Listen to RFI News
Expand Player
Listen Download Podcast
  • Paris Live PM 14h00 - 15h00 GMT
    News bulletin 03/21 14h00 GMT
  • Paris Live PM 14h00 - 15h00 GMT
    News bulletin 03/20 14h00 GMT
  • Paris Live PM 14h00 - 15h00 GMT
    News bulletin 03/19 14h00 GMT
To take full advantage of multimedia content, you must have the Flash plugin installed in your browser. To connect, you need to enable cookies in your browser settings. For an optimal navigation, the RFI site is compatible with the following browsers: Internet Explorer 8 and above, Firefox 10 and +, Safari 3+, Chrome 17 and + etc.
Latest news
  • French President Emmanuel Macron says there will be a "no-deal Brexit" if British MPs reject accord again

Réunion island officials order shark fishing after eighth attack

media Surfboards are stacked on the ground during demonstration on the Island of La Réunion after Alexandre Rassica died following a shark attack where the animal bit off his leg while surfing Reuters/Laurent Capmas

The authorities on the French Indian Ocean island of Réunion have ordered the capture of 20 sharks after a series of attacks that have cost three lives this year. But, despite panic over shark attacks on the island, they say they will make no attempt to keep numbers down.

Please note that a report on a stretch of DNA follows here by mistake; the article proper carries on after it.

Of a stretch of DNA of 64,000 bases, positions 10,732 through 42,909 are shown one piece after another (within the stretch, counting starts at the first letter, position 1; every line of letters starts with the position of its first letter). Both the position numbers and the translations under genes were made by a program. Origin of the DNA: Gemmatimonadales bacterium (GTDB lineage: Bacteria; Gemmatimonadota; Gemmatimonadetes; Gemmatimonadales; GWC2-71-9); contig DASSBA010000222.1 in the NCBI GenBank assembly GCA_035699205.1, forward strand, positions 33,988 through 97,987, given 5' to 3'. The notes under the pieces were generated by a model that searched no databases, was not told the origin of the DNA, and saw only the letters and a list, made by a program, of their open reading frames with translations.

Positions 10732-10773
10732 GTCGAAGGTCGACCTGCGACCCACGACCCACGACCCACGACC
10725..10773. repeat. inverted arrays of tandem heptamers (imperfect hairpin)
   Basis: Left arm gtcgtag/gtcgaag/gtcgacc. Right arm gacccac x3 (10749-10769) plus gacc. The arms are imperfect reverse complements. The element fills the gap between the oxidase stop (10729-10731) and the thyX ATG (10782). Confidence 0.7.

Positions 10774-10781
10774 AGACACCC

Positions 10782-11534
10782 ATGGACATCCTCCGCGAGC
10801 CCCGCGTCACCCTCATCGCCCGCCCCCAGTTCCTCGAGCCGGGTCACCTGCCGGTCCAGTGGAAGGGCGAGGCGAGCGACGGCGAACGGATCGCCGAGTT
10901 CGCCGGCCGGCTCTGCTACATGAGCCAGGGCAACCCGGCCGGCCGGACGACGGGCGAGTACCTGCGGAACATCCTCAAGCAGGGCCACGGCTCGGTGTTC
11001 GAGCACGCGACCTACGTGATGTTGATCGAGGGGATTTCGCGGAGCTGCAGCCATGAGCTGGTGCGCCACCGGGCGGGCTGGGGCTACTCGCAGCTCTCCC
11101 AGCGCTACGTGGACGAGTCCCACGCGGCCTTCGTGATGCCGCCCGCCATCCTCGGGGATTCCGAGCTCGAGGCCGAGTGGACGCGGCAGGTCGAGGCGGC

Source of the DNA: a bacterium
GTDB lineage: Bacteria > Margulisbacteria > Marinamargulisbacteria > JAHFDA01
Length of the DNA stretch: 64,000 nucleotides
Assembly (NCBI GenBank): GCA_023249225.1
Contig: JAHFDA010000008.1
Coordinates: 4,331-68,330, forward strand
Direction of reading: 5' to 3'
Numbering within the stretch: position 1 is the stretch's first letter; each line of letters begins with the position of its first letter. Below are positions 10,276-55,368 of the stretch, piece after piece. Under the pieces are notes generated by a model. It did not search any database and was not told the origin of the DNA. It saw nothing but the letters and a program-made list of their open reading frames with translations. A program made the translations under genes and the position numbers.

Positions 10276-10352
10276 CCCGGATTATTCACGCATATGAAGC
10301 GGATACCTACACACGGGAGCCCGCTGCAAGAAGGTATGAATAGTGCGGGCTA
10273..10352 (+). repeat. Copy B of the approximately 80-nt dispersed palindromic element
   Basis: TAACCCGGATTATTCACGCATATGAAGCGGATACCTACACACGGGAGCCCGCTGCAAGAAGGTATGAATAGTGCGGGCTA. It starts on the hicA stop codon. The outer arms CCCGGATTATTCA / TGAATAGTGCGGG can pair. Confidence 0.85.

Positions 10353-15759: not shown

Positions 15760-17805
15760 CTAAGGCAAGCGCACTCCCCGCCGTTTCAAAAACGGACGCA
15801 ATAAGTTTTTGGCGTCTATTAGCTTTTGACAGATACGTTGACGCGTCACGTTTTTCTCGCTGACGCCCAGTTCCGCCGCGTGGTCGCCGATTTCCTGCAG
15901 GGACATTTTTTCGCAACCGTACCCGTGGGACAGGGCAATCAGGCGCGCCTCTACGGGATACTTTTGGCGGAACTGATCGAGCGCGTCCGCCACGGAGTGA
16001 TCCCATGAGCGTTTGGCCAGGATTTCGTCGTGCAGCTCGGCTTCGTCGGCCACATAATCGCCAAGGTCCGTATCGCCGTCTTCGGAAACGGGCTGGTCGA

A professional shark fisherman will be commissioned to catch about 20 bull and tiger sharks, prefecture official Xavier Brunetière announced after a meeting of local politicians and specialists on Monday.

The decision followed Sunday’s attack, the eighth in 20 months, that left a surfer seriously injured in the right hand and foot,

“The operation does not aim to control the shark population because it will be impossible to say when security can be assured,” Brunetière said.

The exercise will try to establish if any of the sharks are carrying toxins that could lead to ciguatera, a foodborne illness caused by eating certain reef fish.

Surfers’ groups argue that a ban on the sale of bull shark because of the risk if ciguatera has led to the fish’s proliferation.

Although the operation will be carried out according to guidelines issued by Overseas Territories Minister Victorin Lurel last week, Brunetière pointed out that the bull shark is not a protected species and that professional or amateur fishermen are therefore allowed to fish it.

Other measures proposed included:

  • An appeal to notify the authorities of shark sightings to help set up a map of their distribution;
  • Speeding up the already exisiting programme of marking 80 sharks by researchers, who have already marked 20, so as to monitor their habits and their distribution;
  • Increasing the number of shark lookouts at surfing sites.

Brunetière said that officials regretted the fact that they only learnt that a shark had been caught on Sunday near the site of the evening’s incident after the attack had taken place.

Sorry but the period of time connection to the operation is exceeded.